Kayaking Terminology – Glossary

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Hope you find this glossary helpful 🙂

Back band: An elastic band that can be tightened around the paddler’s seat to hold him upright when paddling. The back band’s aim is to provide support for the lower back. Recreational kayaks also feature a back-to-the-seat design, which allows for a more relaxed sitting position when paddling.

Back stroke: Paddling backwards.

Base layers: Paddlers wear base layers underneath outer garments made of natural or synthetic materials. A good base layer can assist in wicking moisture away from the paddler’s skin, keeping them warm or cold, depending on the weather conditions. It retains moisture, dries slowly, and has the ability to keep one cold. Cotton baselayers are never a good idea. Fleece, hair, polypropylene, or neoprene may all be used as the base layer material.

In most kayaks, the back band is covered with cloth, rubber, or foam to prevent the lower back from being thrown forward. It is usually made of padded cotton, plastic, or foam and is located behind your seat.

Baja Sleigh Ride: When a fisherman hooks a large fish and is dragged around in circles in his kayak, this is referred to as a Baja Sleigh Ride.

Bearing: Bearing is the direction or target in which you wish to go.

Bent shaft paddle: The paddle’s ergonomically curved shaft enables users to grip the paddle securely with neutral wrists. Bend-shaft paddles are favoured by paddlers who suffer from tendonitis and wrist problems.

Blade: The blade is the wide portion of a paddle’s end.

Boof strokestrong>: Boof is a Whitewater manoeuvre that involves the kayak “jumping” over a steeply angled obstacle. A skier captured in this image employs the same technique when jumping off a cliff. The manoeuvre’s name is most likely derived from the sound it makes when performed.

Booties: Within the kayak, a kayaker keeps his or her feet warm with boots, which are close-fitting neoprene shoes.

Bow: Front of the cockpit

Bow draw: It is a stroke that propels the kayak’s bow into a powerful turn.

Bow/stern lines: A kayak is attached to the vehicle’s bumpers through bow/stern lines that run along the vehicle’s side.

Brace stroke: When using the brace stroke, it is ensured that the kayak does not flip or capsize.

Bulkhead: Inside the stern of a kayak is a foam block that prevents water from entering the interior when the kayak is turned upside down. By inverting the kayak, it floats higher and consumes less water, making it much easier to save. Additionally, splash guards keep water out of hatches.

Carabiner: Typically, a carabiner is known as a loop with a gate at one or both ends. Another gate is located at the opposite end of the circle. Another circle, this time with a gate at the top. On one side, a lock; on the other, another loop; and on the other hand, another gate. Another gate is located at the opposite end of the circle. There is a gate at one end and a loop at the other. We walked the loop of the Climbing and Kayak Rescue system. They are compatible with tow leashes, as well as dry bags and water bottles.

Carp: A roll where the kayaker attempts to touch the water’s surface by breathing while staying on top of it, but does not nail it.

Cam straps: Kayaks are secured to roof racks using Cam straps or straps with metal buckles.

CFS (cubic feet per second): This is the abbreviation for the amount of space per second expressed in square feet. Historically, the United States has estimated river flow using this process. On the channel, an indicator number indicates the amount of water flowing past a specific point.

Class I rapid: This whitewater segment is straightforward to navigate, poses little to no danger, and leaves you feeling at ease.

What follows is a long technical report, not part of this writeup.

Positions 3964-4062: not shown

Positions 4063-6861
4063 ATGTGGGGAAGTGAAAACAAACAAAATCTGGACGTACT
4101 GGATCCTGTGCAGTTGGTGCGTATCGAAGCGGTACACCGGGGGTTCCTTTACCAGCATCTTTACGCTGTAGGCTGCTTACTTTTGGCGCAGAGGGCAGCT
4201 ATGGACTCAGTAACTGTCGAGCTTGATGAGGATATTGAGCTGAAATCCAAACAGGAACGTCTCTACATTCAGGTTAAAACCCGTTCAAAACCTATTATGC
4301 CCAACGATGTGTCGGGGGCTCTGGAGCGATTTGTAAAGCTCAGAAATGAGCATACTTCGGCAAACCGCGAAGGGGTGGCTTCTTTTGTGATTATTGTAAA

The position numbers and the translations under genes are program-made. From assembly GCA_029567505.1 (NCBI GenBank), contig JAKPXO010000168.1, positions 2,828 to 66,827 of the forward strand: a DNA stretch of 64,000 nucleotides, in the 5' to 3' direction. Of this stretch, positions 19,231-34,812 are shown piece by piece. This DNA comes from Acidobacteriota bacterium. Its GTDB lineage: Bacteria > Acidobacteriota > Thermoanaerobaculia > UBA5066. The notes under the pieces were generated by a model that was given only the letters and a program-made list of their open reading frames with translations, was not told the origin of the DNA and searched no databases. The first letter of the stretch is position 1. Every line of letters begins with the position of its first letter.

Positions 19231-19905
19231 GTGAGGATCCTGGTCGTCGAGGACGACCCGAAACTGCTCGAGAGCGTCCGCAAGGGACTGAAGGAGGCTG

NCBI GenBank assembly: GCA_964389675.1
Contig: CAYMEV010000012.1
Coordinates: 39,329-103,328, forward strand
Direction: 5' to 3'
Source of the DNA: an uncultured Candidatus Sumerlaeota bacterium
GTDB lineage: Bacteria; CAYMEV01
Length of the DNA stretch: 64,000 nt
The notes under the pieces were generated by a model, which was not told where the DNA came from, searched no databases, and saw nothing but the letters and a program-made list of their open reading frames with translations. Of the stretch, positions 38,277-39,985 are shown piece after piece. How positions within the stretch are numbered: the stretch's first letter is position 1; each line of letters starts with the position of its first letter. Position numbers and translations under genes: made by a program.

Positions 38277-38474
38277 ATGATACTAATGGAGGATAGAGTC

Class II rapid: A Class II rapid can exhibit multiple whitewater waves, as these cannot be easily controlled by a single individual.

Chine: It is the midpoint between the bottom of the boat and the sides.

Coaming: The raised edge is referred to as a coaming, which is a lip that surrounds the cockpit and serves as the attachment point for the spray shield.

Cocking: Cocking is a method in which a paddle blade is cocked by twisting the hand. When conducting strokes and manoeuvres, the feathering on a paddle blade ensures that it approaches a certain angle in the water, maintains neutral position in the water, or causes resistance against the water.

Cockpit: The kayak paddler sits in the cockpit, the kayak’s enclosed centre compartment.

Deck: The surface of the water is referred to as the deck in kayaking.

Deck bungees: The boards are attached to the kayaks with bungee cords, which makes accessing the storage compartment underneath the kayak easy. These straps make it simple to stow equipment underneath the kayak.

Drytop: A type of paddling jacket with rubber gaskets around the neck and wrists that is worn to keep the paddler’s upper body dry while paddling.

Downstream: Direction of current in a river

Downstream V: The river’s whitewater portion is surrounded by a dark water tongue that flows along the side in a V pattern.

Dry pack: Dry packs are waterproof, sealable bags used to hold personal belongings dry when paddling down a river. Paddlers use dry bags on the river to transport products such as first-aid kits, snacks, and other essentials.

Drytop: The drytop is a form of rain jacket that is worn when kayaking to fully protect the body from the elements.

Eddy: Eddies are relatively calm spots in a river where the water does not move with much velocity. The eddy is a river feature formed as water flows upstream to fill in a section of a flow that has been deflected by a obstacle. Within eddies, current flows upstream. The Eddie is perfect for scouting, reversing the current, and escaping the river.

Edge control: The ability of a paddler to manage different angles of their kayak’s edge and maintain each angle when paddling. Edge control is critical in whitewater kayaking, but not so much in recreational kayaking when you are paddling in very calm waters.

Edge to edge transition: The paddler moves from one side of the kayak to the other.

Ender: A freestyle motion in which the paddler thrusts the bow into a hole’s green water. This forces the bow downward until the water pressure releases it, propelling the kayak vertically into the air.